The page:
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  1. The offline reinforcement learning (RL) problem is often motivated by the need to learn data-driven decision policies in financial, legal and healthcare applications. However, the learned policy could retain sensitive information of individuals in the training data (e.g., treatment and outcome of patients), thus susceptible to various privacy risks. We design offline RL algorithms with differential privacy guarantees which provably prevent such risks. These algorithms also enjoy strong instance-dependent learning bounds under both tabular and linear Markov Decision Process (MDP) settings. Our theory and simulation suggest that the privacy guarantee comes at (almost) no drop in utility comparing to the non-private counterpart for a medium-size dataset. 
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    Free, publicly-accessible full text available December 7, 2024
  2. Evans, Robin J. (Ed.)
    We study linear bandits when the underlying reward function is not linear. Existing work relies on a uniform misspecification parameter $\epsilon$ that measures the sup-norm error of the best linear approximation. This results in an unavoidable linear regret whenever $\epsilon > 0$. We describe a more natural model of misspecification which only requires the approximation error at each input $x$ to be proportional to the suboptimality gap at $x$. It captures the intuition that, for optimization problems, near-optimal regions should matter more and we can tolerate larger approximation errors in suboptimal regions. Quite surprisingly, we show that the classical LinUCB algorithm — designed for the realizable case — is automatically robust against such gap-adjusted misspecification. It achieves a near-optimal $\sqrt{T}$ regret for problems that the best-known regret is almost linear in time horizon $T$. Technically, our proof relies on a novel self-bounding argument that bounds the part of the regret due to misspecification by the regret itself.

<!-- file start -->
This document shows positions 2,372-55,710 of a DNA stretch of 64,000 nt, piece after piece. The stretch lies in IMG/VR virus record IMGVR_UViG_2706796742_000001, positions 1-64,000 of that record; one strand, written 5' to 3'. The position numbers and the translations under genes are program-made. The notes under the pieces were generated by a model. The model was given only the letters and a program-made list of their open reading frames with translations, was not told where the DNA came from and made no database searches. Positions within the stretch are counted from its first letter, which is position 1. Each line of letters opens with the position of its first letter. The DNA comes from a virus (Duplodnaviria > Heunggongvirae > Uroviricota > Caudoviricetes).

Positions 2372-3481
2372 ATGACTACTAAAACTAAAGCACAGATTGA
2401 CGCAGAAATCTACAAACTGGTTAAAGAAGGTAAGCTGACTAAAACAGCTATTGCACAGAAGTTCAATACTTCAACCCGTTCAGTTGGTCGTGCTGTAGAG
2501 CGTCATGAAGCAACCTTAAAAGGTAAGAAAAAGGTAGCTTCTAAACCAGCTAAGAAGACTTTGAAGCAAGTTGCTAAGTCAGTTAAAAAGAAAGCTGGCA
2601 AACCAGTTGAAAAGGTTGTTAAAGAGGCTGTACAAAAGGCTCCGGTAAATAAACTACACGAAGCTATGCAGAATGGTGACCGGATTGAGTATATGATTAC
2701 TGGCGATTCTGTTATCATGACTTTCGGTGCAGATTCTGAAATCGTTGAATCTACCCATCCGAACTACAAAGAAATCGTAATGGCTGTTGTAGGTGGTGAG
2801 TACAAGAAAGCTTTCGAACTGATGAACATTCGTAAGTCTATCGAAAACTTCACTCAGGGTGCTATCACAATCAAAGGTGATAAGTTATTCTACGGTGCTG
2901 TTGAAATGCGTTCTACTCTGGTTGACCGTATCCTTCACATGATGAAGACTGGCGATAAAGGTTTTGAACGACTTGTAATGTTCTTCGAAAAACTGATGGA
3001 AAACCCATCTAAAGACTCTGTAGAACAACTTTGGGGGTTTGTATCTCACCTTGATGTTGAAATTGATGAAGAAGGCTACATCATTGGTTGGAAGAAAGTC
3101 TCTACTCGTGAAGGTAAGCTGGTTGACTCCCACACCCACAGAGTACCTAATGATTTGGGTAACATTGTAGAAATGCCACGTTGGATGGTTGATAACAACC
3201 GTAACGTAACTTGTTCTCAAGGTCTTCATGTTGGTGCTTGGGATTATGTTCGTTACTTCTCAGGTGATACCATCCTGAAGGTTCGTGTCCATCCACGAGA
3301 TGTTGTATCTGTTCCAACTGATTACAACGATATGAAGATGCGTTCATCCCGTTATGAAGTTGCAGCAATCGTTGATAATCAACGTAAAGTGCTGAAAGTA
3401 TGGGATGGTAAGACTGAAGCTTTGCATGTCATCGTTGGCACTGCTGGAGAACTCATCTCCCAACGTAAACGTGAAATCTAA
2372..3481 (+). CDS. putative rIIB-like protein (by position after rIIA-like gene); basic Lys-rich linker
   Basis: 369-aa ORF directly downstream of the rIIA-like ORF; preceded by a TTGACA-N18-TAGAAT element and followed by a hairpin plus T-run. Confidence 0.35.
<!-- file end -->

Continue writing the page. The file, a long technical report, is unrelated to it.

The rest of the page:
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  3. Krause, Andreas and (Ed.)
    General function approximation is a powerful tool to handle large state and action spaces in a broad range of reinforcement learning (RL) scenarios. However, theoretical understanding of non-stationary MDPs with general function approximation is still limited. In this paper, we make the first such an attempt. We first propose a new complexity metric called dynamic Bellman Eluder (DBE) dimension for non-stationary MDPs, which subsumes majority of existing tractable RL problems in static MDPs as well as non-stationary MDPs. Based on the proposed complexity metric, we propose a novel confidence-set based model-free algorithm called SW-OPEA, which features a sliding window mechanism and a new confidence set design for non-stationary MDPs. We then establish an upper bound on the dynamic regret for the proposed algorithm, and show that SW-OPEA is provably efficient as long as the variation budget is not significantly large. We further demonstrate via examples of non-stationary linear and tabular MDPs that our algorithm performs better in small variation budget scenario than the existing UCB-type algorithms. To the best of our knowledge, this is the first dynamic regret analysis in non-stationary MDPs with general function approximation. 
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  4. Krause, Andreas and (Ed.)